Falcons have been coming to Nagaland for as long as anyone can remember, but a dam across the Doyang River created a reservoir in 1999 that seemed to attract millions more to Pangti. The Nagas, a tribal people proud of their hunting heritage, shot the birds indiscriminately, but soon realized that fishing nets spread over trees could capture thousands at a time as the birds flocked in the evenings to roost.
Hunters said that in five weeks of work they could earn almost $500, or nearly half the average annual income in India. Local officials estimated that villagers killed 100,000 to 400,000 birds annually, and men carrying bamboo poles sagging with scores of dead birds became a common sight.
Pangti is so remote that conservationists heard nothing but vague rumors about vast killings. A slow-burning insurgency and a cumbersome government permit process for visitors discouraged travel, although violence has declined significantly and travel permits are no longer needed.
“Nagaland was closed for decades, so it’s mostly unexplored territory for Indian naturalists and bird watchers,” said Ramki Sreenivasan, a co-founder of Conservation India.
Bano Haralu, an amateur ornithologist, joined Mr. Sreenivasan and two others in finally visiting Pangti in October 2012.
“The closer we got to the village, the more dead birds we saw,” Ms. Haralu said. “It was awful.”
Less than a year earlier, India had participated in an international conference on protecting migratory species, so the pictures of mass slaughter that the conservationists published online were deeply embarrassing.
State wildlife officials, who had been in Pangti for nearly two years because of troubles with wild elephants, suddenly promised a crackdown on the killing. Under pressure, the Pangti Village Council banned the hunt.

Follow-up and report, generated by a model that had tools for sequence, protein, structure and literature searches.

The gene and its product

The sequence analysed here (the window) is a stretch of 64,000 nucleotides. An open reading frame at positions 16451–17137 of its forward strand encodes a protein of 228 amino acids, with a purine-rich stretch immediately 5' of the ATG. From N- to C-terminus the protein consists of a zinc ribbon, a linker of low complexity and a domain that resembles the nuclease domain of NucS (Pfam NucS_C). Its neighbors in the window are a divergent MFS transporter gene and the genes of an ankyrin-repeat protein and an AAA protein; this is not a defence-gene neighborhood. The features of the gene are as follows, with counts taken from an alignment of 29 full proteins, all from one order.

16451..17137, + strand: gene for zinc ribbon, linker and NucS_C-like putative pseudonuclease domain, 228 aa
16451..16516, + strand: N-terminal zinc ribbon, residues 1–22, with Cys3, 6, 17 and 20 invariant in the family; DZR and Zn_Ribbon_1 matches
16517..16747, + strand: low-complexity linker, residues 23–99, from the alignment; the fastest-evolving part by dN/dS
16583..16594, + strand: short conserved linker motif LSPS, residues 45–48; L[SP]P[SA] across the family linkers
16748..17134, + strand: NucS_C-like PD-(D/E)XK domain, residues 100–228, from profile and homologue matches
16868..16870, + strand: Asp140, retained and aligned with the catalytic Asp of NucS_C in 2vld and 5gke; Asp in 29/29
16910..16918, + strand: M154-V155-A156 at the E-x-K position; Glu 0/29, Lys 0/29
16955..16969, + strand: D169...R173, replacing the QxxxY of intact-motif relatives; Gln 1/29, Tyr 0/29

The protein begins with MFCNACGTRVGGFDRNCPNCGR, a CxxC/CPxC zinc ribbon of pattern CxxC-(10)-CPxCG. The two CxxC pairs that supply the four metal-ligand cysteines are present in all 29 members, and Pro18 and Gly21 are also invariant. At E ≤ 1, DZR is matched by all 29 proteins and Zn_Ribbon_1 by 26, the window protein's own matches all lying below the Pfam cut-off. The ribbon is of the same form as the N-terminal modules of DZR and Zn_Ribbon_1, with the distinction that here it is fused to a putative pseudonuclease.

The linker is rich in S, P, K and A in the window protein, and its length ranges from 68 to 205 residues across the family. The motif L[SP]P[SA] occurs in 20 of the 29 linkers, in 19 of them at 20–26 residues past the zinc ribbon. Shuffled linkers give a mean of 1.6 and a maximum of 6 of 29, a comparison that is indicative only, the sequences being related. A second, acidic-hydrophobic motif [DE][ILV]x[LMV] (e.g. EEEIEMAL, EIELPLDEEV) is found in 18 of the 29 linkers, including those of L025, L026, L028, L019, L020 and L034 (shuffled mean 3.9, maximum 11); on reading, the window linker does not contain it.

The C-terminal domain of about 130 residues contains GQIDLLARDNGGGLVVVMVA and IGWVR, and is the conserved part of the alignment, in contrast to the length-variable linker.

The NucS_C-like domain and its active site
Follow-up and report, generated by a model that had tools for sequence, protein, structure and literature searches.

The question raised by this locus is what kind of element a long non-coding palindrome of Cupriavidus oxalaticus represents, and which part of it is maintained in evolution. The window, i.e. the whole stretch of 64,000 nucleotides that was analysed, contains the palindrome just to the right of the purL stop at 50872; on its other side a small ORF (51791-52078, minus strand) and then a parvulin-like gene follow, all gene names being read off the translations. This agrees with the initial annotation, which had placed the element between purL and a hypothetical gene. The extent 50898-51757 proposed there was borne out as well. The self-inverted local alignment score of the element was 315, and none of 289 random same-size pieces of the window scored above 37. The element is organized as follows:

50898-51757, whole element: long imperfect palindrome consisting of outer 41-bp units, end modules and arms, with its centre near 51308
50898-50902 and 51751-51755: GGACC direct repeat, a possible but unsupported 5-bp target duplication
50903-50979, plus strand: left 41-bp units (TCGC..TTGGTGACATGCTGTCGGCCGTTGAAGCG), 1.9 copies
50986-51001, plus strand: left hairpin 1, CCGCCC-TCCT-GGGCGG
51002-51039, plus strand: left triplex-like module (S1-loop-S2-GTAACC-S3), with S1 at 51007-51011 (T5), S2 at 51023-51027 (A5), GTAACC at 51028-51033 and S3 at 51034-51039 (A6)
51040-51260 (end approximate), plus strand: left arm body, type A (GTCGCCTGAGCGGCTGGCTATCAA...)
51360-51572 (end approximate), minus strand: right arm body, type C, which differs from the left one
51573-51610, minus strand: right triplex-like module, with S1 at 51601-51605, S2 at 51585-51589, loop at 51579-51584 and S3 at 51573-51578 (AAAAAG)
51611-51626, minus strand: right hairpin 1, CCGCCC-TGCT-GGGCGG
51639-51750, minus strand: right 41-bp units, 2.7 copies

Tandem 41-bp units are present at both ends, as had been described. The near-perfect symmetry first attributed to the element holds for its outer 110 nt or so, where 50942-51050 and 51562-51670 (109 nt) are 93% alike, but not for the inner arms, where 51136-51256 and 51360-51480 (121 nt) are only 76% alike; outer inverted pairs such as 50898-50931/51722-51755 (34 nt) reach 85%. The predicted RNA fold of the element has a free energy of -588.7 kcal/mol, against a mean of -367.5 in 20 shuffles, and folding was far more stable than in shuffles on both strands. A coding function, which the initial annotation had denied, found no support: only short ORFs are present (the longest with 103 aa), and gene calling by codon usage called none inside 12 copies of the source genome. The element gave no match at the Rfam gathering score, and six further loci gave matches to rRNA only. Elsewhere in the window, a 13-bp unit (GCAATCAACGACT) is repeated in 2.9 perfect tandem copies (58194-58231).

Perhaps the most successful effort has been an educational program in schools that teaches children about the life cycle of Amur falcons and why they should be protected.
“We do nature walks with the kids, and we also do classroom teaching about the falcons,” said Yibeni K. Tanthan, a teacher in the neighboring village of Sungro.
The brightest posters in the schools are now those advocating falcon preservation, gifts from conservationists. The children sing a song about the falcons that urges: “Don’t chase them, don’t let them fly away from us.”
Mr. Shitiri of the fishermen’s union said the children’s embrace of the birds has been crucial.
“So many of the children decided very fast for preservation,” Mr. Shitiri said. “So that is the main reason we are in for total preservation.”
Now that Pangti has stopped killing the birds, reports have emerged that roosting sites elsewhere in northeast India are being targeted. Officials have promised to trace the reports and stop other killings.
Mr. Sreenivasan said the birds, while not endangered because of their vast numbers, may play a crucial ecological role.
“Are they controlling the insect population in three continents? We don’t know, but I think we’ll eventually find out that the Amur falcon’s doing something extremely significant,” Mr. Sreenivasan said. “Why else would they fly halfway around the world?”
This July 2014 video is called FLYING FREE1: CONSERVATION OF AMUR FALCON: NAGALAND: INDIA.
And this video is the sequel.